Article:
Friday Morning Music Non-Shuffle & Shuffle – Toys Mix Pt. 4 of ?

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If you haven’t done so, remember, Play With Your Toys – the new album by The End Men is now available for immediate download.  Get it NOW!

Now, we left you hanging on a Wrong Way Street… so, let’s bring this sucker home:

First off if you’re late to the party, here’s what you need to know:

tracks: Cleaning Your Mind, Run Away and Long Way to the Ground

tracks: Into the Mines, Play with Your Toys Pt. I and The Ballad of Billy Polk
tracks: It’s All Wrong, Mental Trapeze, Play With Your Toys Pt. II and Wrong Way Street
Toys Mix Pt. 4 of ? begins after the jump:

Track 11: Stack Chips. After taking us to the dizzyingest of heights and then dropping us into the mines, after swinging us on a mental trapeze and leading us down a wrong way street. After setting the blues rock (and rock/rock) bar about as high as it can go, after pulling out all the stops and all the toys… after all that and more… The End Men up and leave us with one of the most brutally lovely songs on the album. The song is a not so gentle reminder of the temporary nature of things like wealth and privilege and indeed life itself.  

So… the question is, is this the end of  this multi-part review? And if it is the end, why did I leave that ‘?’ at the end of the post title?  Well, we’ve written about all 11 tracks on the album, and when we get back to our morning walk on Tuesday, we will be going back to the usual shuffle.  So maybe this is the end.  Maybe we should’ve named this Toys Mix Pt. 4 of 4. Maybe? or…. (to be continued?  You bet)

*Bloggers note:  Among the many great things about writing is a blog (besides the free stuff which is cool) are the amazing people I have met along the way. At or near the top of that list are Matthew Hendershot and Livia Ranalli.  I alluded to this in a previous post, but I’ll just flat out say, that what I see in them is a true generosity of spirit which I find very refreshing.  Nevermind that they are crazy talented (mind you they are), but they are really awesome people who go out of their way to support their fellow musicians and even us lowly bloggers.  They even included me with a “Thanks” in the liner notes of Play With Your Toys (which is totally awesome and which I didn’t know before I started on this multi-part review).  I’ll stop with the sentimental (but honestly true) crap…  bottom line. Play With Your Toys is a truly great album.  I know there are tons of people who will fall in love with this band and this music they way I did, and I know that way too many will not take the time to listen.  So, I will keep shouting from the rooftops.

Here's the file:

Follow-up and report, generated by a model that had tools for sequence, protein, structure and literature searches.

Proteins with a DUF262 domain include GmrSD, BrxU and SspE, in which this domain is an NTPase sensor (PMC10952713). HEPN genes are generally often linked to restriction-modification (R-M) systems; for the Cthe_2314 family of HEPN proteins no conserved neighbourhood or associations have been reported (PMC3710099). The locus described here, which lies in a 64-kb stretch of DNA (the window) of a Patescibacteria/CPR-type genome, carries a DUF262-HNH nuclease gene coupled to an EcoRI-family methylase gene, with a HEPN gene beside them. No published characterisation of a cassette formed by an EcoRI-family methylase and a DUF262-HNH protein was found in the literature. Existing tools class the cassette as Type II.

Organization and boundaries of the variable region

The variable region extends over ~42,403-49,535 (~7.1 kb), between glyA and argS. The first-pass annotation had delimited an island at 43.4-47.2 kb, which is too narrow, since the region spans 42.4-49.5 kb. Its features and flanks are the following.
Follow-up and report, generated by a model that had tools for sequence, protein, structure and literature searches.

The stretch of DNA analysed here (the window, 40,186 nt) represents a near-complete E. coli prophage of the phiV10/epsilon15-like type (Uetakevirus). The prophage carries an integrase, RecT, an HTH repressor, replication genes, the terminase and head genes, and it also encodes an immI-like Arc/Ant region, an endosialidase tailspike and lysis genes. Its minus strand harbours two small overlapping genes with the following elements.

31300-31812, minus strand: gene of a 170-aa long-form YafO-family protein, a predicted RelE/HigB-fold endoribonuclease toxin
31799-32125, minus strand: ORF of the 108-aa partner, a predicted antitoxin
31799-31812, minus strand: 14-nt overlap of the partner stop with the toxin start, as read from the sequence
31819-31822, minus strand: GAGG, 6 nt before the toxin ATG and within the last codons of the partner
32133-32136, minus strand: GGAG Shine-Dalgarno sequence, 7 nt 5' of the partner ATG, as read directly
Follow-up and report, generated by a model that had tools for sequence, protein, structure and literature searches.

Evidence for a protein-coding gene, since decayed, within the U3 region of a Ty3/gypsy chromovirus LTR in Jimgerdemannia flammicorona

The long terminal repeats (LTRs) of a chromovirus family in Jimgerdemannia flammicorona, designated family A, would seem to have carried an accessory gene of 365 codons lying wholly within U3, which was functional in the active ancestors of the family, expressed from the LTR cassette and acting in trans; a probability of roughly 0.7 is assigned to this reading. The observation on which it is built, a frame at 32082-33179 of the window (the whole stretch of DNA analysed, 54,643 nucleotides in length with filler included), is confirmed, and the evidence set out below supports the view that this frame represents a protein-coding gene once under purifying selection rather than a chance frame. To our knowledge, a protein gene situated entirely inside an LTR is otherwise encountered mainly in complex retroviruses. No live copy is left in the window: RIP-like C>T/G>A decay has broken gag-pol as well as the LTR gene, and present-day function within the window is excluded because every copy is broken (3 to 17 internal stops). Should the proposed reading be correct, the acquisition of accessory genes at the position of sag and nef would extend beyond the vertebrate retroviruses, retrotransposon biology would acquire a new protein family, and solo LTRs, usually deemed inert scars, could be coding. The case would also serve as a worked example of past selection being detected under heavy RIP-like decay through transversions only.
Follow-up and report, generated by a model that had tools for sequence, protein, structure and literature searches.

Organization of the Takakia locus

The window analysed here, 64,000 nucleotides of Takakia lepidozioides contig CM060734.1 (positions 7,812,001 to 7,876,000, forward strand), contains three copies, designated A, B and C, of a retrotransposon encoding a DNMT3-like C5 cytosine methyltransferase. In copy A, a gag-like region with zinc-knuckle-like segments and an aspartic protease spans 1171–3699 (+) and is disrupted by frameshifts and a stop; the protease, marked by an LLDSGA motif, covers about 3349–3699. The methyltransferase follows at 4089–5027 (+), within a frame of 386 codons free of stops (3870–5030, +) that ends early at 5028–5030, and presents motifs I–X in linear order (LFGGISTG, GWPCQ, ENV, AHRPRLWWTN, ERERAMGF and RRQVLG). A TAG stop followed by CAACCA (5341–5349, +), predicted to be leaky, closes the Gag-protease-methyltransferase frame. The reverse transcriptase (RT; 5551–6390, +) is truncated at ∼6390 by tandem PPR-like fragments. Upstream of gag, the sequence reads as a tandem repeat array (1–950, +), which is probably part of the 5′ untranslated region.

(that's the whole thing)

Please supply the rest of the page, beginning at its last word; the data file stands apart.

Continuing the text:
Meanwhile, there is a whole slew of cool music being made.  So, we will get back to the regular shuffle.  I also have accumulated a pile of music news which I will be disseminating soon: New Albums, Tours, Bands breaking up and changing names, awards and honors and all sorts of stuff you may have missed.

So… Stack Chips took up a little over half of my walk in this morning, and so I fired up the shuffle mode and skipped around a bit until I came across two songs worthy of closing out this chapter of Ear to the Ground.  Here is the limited (semi-random) shuffle from this morning: